It's from information from a ketamine clinic. I didn't link it originally because they don't refer to any study when quoting said scientists.

The second link is an abstract case study. I couldn't get through to the actual study. Not sure if this is what the first quote was referring to. That's why I hedged the wording as one of "many possible theories".

I'll keep trying to dig a little deeper.

Several ketamine clinic websites mention it being helpful for RLS through the NMDA receptor. So there may be a foundational study somewhere. Or, it could merely be marketing to attract a larger patient base for this kind of therapy.

"RLS Treatment | Peoria, AZ | Ketamine Infusion Therapy"

"Oral ketamine: a promising treatment for restless legs syndrome - PubMed"

ziggypiggy profile image
ziggypiggy in reply to

Here's more info on the second link above. Just several case studies. Nothing definitive but interesting.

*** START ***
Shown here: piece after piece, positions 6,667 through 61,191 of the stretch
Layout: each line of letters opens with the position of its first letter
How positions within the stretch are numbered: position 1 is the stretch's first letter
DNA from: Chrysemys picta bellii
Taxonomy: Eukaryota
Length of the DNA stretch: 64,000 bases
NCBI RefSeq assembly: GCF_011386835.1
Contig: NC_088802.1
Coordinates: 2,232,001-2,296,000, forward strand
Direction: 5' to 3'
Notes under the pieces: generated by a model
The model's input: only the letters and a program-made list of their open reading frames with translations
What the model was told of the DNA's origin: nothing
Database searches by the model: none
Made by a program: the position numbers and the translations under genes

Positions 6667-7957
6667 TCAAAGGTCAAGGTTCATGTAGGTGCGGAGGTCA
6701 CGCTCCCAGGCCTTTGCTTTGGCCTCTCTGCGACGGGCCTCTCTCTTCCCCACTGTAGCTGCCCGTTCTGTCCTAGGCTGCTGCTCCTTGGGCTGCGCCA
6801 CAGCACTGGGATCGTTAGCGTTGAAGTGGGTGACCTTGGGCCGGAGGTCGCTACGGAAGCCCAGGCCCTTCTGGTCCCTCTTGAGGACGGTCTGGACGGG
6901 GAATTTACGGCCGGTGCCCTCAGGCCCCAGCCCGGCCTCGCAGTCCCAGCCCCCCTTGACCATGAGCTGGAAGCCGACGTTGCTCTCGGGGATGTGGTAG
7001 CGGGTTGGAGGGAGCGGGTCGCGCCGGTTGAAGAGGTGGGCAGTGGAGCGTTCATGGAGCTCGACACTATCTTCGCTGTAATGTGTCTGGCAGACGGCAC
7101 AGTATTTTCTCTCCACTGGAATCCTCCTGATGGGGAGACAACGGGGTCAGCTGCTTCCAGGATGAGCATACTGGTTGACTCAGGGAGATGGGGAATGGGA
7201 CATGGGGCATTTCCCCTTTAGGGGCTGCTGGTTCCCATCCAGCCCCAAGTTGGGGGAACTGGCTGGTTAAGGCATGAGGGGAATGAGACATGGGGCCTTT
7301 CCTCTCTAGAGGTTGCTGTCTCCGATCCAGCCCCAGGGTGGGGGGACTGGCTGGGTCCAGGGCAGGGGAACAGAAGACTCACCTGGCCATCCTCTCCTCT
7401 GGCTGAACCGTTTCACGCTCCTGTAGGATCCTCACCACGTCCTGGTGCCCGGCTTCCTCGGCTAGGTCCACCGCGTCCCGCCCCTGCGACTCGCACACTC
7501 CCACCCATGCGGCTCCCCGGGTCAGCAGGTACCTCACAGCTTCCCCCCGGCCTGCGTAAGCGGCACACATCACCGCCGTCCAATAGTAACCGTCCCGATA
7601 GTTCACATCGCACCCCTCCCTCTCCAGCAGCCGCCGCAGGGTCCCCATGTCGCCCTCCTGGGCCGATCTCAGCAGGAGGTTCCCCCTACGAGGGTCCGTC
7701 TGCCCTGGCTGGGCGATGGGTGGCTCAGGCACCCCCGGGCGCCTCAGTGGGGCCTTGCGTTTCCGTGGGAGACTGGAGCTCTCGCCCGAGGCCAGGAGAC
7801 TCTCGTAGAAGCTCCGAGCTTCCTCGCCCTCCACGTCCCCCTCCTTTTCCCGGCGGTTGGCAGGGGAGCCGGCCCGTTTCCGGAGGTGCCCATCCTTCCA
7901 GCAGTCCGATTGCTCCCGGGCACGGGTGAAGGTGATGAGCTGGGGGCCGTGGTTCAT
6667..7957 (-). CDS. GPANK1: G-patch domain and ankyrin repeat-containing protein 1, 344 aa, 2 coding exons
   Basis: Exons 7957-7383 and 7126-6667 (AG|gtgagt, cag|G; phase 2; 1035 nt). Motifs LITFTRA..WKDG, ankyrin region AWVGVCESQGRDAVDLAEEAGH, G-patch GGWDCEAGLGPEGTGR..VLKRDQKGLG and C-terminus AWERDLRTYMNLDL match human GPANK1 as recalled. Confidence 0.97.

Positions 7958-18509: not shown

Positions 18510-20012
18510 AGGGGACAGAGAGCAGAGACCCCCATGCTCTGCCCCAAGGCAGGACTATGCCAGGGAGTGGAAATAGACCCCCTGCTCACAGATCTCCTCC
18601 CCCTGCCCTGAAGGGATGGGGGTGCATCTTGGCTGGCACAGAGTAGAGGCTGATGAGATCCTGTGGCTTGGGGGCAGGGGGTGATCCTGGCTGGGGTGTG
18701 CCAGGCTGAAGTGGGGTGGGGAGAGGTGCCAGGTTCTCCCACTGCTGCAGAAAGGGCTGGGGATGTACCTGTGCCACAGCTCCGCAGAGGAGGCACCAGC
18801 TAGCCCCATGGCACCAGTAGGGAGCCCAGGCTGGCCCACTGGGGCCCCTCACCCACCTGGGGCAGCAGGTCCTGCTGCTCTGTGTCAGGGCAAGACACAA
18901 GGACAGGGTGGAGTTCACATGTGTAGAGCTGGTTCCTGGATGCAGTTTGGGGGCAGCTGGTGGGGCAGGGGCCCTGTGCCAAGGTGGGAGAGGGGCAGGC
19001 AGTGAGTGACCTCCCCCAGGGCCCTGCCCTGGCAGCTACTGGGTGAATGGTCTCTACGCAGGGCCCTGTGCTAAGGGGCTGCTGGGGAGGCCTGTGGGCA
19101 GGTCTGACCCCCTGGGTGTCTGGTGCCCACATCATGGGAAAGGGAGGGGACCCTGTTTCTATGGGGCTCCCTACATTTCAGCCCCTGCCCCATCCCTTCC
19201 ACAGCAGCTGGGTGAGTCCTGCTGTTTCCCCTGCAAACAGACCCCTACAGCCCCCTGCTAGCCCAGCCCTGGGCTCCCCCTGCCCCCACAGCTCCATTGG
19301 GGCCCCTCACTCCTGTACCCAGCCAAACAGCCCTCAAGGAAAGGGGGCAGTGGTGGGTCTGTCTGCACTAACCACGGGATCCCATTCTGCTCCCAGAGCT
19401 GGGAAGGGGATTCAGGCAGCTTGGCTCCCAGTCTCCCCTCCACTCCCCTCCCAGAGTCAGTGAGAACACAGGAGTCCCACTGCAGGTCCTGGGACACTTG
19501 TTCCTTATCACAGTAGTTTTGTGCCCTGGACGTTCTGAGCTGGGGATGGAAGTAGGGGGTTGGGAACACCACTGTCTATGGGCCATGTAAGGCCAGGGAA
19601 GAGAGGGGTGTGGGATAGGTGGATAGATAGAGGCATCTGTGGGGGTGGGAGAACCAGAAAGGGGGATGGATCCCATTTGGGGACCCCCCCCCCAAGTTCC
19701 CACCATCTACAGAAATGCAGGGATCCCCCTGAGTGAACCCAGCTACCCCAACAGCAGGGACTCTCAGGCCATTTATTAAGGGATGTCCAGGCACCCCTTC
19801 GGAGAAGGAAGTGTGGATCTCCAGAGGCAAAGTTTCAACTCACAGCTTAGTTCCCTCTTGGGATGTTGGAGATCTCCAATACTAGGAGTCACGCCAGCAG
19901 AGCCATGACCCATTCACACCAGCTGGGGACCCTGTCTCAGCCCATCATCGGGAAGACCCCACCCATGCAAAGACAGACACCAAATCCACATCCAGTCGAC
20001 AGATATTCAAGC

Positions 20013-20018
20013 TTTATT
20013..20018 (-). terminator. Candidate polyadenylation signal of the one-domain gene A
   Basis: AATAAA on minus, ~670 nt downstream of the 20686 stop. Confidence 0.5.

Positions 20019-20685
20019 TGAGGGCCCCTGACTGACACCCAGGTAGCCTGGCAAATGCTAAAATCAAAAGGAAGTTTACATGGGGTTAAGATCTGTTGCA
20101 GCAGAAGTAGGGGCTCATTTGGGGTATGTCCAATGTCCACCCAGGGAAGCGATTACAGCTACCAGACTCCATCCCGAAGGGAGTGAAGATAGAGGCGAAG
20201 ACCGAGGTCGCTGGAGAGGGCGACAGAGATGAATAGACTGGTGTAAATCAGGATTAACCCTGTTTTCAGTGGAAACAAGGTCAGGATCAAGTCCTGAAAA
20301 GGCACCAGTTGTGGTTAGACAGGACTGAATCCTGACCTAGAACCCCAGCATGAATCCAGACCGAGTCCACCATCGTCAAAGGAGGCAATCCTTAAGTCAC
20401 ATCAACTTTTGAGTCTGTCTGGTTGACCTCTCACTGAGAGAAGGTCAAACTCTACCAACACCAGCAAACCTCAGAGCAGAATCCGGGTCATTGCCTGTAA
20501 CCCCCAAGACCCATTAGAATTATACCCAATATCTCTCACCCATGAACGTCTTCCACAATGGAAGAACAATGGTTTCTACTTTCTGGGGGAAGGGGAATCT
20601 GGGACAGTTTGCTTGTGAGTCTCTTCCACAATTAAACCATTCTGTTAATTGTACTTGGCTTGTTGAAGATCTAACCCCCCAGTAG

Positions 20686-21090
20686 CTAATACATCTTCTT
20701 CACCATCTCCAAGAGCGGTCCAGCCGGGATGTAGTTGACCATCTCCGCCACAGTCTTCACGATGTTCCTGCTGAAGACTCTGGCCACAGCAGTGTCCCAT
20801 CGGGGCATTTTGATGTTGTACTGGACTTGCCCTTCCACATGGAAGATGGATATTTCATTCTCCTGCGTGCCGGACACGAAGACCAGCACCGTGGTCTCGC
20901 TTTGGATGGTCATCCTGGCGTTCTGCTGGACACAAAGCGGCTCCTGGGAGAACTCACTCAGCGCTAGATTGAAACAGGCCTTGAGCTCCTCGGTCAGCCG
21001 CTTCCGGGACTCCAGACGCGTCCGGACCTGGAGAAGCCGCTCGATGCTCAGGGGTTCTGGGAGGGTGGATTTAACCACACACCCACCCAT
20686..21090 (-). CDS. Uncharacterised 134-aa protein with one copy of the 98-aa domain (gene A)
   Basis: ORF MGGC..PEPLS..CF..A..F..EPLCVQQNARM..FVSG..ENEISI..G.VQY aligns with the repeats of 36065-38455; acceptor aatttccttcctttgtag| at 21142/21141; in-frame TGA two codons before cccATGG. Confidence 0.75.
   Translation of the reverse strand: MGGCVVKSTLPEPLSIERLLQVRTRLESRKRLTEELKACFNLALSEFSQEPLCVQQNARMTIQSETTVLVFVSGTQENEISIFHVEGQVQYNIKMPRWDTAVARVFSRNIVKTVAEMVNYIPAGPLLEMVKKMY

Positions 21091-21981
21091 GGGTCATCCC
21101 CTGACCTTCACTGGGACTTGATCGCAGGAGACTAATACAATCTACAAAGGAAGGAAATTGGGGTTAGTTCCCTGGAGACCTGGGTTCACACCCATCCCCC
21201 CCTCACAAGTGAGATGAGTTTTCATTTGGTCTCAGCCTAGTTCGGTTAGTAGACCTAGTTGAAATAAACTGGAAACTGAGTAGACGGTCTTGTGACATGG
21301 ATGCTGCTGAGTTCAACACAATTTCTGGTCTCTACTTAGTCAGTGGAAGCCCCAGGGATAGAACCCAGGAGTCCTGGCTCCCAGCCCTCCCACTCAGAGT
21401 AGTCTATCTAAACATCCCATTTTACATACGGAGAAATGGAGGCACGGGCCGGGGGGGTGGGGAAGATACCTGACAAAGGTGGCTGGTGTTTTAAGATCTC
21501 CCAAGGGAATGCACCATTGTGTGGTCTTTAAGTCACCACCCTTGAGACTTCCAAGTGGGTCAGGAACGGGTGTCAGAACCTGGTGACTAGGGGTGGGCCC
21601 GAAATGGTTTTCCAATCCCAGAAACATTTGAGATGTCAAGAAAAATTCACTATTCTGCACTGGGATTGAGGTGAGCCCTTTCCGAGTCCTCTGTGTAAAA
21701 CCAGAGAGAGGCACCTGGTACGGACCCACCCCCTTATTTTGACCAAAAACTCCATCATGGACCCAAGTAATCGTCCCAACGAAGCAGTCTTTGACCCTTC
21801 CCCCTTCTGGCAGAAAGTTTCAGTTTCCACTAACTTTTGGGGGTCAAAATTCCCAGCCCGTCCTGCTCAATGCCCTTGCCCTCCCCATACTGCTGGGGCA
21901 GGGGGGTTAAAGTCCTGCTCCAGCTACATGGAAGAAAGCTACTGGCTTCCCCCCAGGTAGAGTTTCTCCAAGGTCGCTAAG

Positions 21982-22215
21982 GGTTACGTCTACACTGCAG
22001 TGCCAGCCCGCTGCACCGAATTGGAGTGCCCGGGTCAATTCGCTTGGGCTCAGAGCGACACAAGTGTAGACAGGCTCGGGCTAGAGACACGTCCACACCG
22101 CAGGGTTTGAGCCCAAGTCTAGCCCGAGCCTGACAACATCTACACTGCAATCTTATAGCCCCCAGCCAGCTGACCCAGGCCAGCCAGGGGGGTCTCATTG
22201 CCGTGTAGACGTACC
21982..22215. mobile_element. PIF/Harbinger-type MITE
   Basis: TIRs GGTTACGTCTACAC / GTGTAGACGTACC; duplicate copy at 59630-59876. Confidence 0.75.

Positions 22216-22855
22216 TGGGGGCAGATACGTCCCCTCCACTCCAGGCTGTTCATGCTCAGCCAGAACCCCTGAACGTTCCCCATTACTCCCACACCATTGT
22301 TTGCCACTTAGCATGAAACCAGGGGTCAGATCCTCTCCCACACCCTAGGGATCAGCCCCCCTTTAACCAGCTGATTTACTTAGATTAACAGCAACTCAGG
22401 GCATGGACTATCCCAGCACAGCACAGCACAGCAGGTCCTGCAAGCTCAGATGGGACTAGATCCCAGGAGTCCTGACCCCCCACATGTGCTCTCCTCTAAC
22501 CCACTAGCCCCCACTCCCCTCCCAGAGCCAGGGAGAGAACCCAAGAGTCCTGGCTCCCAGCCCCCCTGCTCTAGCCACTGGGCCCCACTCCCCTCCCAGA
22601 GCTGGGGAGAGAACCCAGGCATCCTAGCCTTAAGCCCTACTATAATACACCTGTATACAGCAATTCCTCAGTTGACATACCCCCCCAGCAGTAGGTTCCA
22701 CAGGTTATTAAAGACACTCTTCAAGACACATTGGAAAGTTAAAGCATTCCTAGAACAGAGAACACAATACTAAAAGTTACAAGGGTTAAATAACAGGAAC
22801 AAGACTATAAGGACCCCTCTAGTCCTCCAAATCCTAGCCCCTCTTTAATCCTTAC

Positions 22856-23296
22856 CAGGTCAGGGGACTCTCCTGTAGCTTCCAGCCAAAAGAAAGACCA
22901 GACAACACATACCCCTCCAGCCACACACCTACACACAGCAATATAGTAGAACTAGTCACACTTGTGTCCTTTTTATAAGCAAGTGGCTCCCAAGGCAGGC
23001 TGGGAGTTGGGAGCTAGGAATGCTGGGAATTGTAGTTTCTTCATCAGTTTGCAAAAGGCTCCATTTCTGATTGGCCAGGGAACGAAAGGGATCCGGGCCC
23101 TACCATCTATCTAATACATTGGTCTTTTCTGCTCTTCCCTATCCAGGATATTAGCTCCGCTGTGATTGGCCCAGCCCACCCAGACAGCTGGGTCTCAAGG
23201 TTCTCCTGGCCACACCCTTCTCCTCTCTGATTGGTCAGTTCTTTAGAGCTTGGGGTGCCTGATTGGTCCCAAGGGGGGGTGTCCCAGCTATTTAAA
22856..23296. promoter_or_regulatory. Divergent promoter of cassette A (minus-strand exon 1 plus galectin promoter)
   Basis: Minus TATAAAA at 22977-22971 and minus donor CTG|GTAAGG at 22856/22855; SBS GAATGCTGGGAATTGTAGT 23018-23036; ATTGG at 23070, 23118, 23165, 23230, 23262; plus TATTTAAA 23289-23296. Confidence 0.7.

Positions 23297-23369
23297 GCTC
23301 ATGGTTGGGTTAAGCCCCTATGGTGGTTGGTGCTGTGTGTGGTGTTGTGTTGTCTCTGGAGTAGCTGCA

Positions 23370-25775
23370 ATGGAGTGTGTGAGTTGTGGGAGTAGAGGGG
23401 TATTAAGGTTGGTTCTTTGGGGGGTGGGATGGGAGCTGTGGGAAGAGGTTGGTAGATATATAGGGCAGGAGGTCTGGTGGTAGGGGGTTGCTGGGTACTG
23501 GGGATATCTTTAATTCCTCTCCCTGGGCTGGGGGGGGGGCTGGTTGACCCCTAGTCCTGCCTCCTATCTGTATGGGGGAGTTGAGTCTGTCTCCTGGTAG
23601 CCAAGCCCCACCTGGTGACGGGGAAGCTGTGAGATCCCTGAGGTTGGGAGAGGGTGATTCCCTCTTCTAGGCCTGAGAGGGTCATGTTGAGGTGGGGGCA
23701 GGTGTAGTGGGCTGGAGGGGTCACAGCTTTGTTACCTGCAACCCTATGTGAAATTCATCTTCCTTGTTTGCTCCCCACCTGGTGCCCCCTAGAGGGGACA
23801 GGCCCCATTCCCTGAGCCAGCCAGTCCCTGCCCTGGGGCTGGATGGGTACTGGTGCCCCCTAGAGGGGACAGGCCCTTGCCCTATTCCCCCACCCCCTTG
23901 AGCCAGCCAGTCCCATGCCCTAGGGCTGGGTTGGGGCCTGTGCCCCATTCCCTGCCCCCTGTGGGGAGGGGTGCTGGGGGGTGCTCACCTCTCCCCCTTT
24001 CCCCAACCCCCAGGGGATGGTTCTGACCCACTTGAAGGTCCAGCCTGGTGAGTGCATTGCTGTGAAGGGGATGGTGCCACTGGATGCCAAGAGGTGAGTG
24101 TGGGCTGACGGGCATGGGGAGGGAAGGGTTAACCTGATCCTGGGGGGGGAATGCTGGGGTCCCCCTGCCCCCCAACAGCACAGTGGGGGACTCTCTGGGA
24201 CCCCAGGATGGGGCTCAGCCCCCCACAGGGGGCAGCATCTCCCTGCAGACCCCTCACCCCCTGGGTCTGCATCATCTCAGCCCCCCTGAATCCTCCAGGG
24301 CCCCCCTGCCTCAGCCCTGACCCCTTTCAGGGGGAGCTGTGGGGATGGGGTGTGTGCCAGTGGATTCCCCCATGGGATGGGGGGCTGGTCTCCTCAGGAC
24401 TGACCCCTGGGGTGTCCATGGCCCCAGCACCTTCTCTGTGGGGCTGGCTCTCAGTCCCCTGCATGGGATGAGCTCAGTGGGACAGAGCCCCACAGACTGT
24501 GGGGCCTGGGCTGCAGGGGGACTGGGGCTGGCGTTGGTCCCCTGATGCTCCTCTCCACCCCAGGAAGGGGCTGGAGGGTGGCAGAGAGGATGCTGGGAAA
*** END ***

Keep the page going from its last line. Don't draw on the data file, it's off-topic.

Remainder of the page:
"Oral Ketamine: A Promising Treatment for Restless Legs Syndr... : Anesthesia & Analgesia"

ziggypiggy profile image
ziggypiggy in reply to

Here's another study on the glutamate RLS connection. You may be familiar with this one. They mention the ketamine case study towards the end. Gets a little scientific, but I think you enjoy getting into the gritty deteils😉.

in reply to ziggypiggy

Many thanls,

you are keeping me busy!

your last response seemsto have no link

ziggypiggy profile image
ziggypiggy in reply to

"Thalamic glutamate/glutamine in restless legs syndrome"

in reply to ziggypiggy